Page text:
At Angela Faye Brown & Associates we specialize in child custody law. We help divorcing couples manage their separation in the best interests of their child. This often means advocating on behalf of one parent who considering the larger picture. Contact us today for a consultation. We can begin talking about your situation as well as the pertinent child custody laws in Texas that may apply.
What Is Joint Custody? What Is Sole Custody?
Child custody laws in Texas differentiate between different kinds of custody. The first is conservatorship; the second is possession and access.
Conservatorship refers to decisions made on behalf of the child. This may include decisions on schooling, medical decisions, psychiatric decisions, and so on. One parent can manage all of these decisions in the case Sole Managing Conservatorship, or both parents can make these decisions in the case of Joint Conservatorship.
Possession and access refer to custody in the way we would normally think of it. In other words, it refers to who the child is with and where the child is. Generally speaking, a child is allowed access to both parents and they must agree on a schedule or accept a court-directed schedule.
In each case, the court considers the best interests of the child when determining conservatorship or access.
Who Receives Child Support?
Typically, children of a divorced couple will stay with the parent with primary custody. That parent will receive child support from the other parent. But there are a number of other considerations to bear in mind when considering primary custody.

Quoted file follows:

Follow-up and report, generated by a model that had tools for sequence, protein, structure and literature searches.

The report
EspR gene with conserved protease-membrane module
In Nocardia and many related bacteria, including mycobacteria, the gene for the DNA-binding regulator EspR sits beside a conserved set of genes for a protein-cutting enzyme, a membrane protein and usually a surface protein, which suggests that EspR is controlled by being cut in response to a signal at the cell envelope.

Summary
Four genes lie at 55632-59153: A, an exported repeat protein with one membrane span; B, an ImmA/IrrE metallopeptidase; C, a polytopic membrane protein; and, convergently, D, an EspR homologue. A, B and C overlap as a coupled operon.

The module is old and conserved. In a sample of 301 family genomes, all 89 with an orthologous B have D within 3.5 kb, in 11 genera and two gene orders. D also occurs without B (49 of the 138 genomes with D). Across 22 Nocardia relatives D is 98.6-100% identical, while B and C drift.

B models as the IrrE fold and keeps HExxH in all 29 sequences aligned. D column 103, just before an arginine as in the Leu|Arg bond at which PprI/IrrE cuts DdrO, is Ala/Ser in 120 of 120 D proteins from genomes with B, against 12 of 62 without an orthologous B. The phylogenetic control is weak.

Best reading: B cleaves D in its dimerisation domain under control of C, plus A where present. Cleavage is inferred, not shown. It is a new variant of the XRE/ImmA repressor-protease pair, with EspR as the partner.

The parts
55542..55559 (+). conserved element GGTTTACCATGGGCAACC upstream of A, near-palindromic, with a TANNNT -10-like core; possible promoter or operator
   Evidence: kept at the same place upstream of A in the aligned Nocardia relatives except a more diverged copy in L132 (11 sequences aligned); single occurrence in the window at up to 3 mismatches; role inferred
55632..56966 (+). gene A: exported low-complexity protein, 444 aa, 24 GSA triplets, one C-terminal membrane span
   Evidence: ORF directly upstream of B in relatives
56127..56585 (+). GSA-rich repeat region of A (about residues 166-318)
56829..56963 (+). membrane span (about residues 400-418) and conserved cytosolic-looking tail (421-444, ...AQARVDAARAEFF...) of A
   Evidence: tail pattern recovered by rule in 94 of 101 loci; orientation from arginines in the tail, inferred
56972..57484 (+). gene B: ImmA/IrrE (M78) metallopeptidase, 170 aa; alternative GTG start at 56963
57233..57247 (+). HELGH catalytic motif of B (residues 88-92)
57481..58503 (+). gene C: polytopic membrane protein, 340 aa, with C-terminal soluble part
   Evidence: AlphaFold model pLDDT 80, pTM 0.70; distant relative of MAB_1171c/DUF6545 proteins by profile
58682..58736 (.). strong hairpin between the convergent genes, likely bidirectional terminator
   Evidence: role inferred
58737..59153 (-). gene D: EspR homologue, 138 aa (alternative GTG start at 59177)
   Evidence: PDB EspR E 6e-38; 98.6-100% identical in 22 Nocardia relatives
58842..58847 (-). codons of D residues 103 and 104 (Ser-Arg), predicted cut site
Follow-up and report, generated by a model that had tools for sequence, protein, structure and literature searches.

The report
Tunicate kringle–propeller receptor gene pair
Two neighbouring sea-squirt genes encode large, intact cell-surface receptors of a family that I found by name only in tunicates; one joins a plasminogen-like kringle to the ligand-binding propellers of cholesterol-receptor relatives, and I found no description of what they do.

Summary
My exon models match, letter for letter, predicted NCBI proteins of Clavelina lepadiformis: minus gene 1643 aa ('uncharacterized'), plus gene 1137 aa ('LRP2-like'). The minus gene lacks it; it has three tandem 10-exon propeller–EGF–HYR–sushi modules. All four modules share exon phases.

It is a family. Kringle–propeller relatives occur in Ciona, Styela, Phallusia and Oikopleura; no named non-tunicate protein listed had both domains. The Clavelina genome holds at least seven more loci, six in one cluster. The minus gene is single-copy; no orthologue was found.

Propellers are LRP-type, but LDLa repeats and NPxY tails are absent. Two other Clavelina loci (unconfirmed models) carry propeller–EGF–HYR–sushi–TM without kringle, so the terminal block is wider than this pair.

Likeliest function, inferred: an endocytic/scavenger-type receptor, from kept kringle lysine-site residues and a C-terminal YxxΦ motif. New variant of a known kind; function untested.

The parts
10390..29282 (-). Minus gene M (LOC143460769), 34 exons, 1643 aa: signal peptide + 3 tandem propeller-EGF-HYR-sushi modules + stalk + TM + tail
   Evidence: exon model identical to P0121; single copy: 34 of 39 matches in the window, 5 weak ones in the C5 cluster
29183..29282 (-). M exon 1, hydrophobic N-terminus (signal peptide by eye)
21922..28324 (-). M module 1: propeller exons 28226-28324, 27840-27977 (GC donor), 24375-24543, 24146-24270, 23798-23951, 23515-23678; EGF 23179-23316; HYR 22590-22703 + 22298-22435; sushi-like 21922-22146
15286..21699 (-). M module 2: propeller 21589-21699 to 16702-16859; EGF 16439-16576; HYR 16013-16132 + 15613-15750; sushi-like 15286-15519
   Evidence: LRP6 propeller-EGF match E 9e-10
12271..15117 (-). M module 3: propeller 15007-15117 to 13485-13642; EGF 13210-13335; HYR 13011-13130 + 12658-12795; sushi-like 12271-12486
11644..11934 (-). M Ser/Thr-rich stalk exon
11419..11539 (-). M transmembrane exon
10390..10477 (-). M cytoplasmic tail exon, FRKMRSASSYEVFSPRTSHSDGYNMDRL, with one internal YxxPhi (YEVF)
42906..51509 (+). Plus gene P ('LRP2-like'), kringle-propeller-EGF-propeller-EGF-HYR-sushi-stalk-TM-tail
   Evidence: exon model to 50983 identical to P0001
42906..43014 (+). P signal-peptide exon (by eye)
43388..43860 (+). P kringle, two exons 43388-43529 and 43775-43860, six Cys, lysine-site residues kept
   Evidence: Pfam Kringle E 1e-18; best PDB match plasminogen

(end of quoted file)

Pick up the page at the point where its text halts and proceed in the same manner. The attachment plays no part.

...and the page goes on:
The courts generally assume that whoever is the primary caregiver will be responsible for seeing them to and from school. They will be primarily responsible for their emotional support, moral upbringing, and financial support. They will be responsible for preparing meals for the child, clothing the child, and purchasing other necessities. The courts may consider one residence to be superior to the other if for no other reason than living there will afford the child access to the same school district they were in before. In that case, the child is likely to remain in the same house.
None of this means that one parent is superior to the other. It’s simply in the child’s best interest to maintain some semblance of familiarity in their day-to-day lives. Divorces can be difficult for children. The court considers the impact of that and tends not to disrupt the child’s current situation more than it has to.
Can I Refuse Visitation If My Ex-Spouse Fails to Pay Child Support?
No. Child custody laws in Texas treat these as two separate matters. It’s important not to deprive your children access to your former spouse even if they are behind in their support payments. On the other hand, you can bring this up at court and the court will consider this when determining if the current visitation schedule is appropriate. You must not, however, take it upon yourself to break the schedule.
How Do Parenting Plans and Visitation Work?
You may feel as though you’ve worked everything out with your former spouse and you don’t need the court to intervene. That’s a mistake. Even a situation that goes smoothly for months is subject to change suddenly. Having a legally binding arrangement that can be amended when it needs to be is the best avenue for both the parents and the children.
Parenting plans establish the rights and duties of each parent in regards to the children. They establish both conservatorship and access. They define a visitation schedule. It’s important to have this in writing and to file this agreement with the court.
Speak to a Child Custody Attorney Today
Angela Faye Brown & Associates helps divorcing parents establish parenting plans that are in the best interests of the child. If you have any questions concerning child custody laws in Texas, contact us today. We can inform you of your options and guide you through this difficult process.